But while the attack rate was higher last year, the mortality rate was about half of what it was in 2000. Just 6 deaths were recorded last year, none of which were in the continental U.S.
Two deaths were recorded off the island of Reunion, and then single incidents in Australia, New Caledonia, Hawaii and Egypt.
Not surprisingly, surfers and others participating in watersports made up nearly 50 percent of 2015's shark attacks. Swimmers and waders made up 42 percent and snorkelers made up 9 percent.
No attacks on SCUBA divers were reported in 2015.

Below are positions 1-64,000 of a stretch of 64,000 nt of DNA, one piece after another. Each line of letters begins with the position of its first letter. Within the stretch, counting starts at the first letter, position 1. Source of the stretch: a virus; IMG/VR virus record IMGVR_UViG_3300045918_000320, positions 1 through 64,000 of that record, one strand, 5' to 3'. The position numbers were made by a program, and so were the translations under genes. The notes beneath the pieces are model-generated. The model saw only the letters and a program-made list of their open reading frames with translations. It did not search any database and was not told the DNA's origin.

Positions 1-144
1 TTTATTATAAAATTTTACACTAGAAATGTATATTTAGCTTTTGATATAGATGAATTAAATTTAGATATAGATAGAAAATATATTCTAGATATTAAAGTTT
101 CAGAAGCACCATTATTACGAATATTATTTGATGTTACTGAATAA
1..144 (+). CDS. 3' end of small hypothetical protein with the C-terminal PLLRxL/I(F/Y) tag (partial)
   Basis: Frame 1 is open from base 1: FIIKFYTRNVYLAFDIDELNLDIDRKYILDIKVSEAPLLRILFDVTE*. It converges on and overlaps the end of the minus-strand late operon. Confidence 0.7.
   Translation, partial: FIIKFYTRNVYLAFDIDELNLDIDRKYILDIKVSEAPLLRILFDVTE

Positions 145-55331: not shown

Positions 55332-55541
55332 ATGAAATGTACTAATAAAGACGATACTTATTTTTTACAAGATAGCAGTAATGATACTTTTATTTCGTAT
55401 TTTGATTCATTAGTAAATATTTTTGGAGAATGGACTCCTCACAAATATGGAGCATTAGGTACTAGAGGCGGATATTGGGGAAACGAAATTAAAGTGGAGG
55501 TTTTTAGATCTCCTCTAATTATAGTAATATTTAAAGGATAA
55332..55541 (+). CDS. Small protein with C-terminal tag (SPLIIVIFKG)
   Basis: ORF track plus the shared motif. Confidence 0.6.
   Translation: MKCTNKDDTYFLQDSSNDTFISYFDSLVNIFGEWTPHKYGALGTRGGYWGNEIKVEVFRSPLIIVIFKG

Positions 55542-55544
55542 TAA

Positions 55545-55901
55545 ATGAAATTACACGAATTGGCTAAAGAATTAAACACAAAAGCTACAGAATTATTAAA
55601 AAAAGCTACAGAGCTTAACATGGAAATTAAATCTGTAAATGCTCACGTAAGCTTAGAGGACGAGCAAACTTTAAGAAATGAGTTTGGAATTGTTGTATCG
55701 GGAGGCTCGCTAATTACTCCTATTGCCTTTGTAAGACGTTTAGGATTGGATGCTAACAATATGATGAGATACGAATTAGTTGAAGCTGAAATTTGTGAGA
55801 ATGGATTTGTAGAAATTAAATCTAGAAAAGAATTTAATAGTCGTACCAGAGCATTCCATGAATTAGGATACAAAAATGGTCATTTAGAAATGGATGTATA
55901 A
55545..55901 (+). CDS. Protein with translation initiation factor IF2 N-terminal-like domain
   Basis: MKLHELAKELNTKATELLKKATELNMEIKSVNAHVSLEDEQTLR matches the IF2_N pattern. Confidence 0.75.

Florida had the most unprovoked attacks last year in the U.S., making up 51 percent of the total. The state recorded 30 bites, which is less than the record high of 37 in 2000.
The International Shark Attack File attributes the increase in bites simply on the fact that more people are in the water.
"The number of shark-human interactions occurring in a given year is directly correlated with the amount of time humans spend in the sea," the report notes.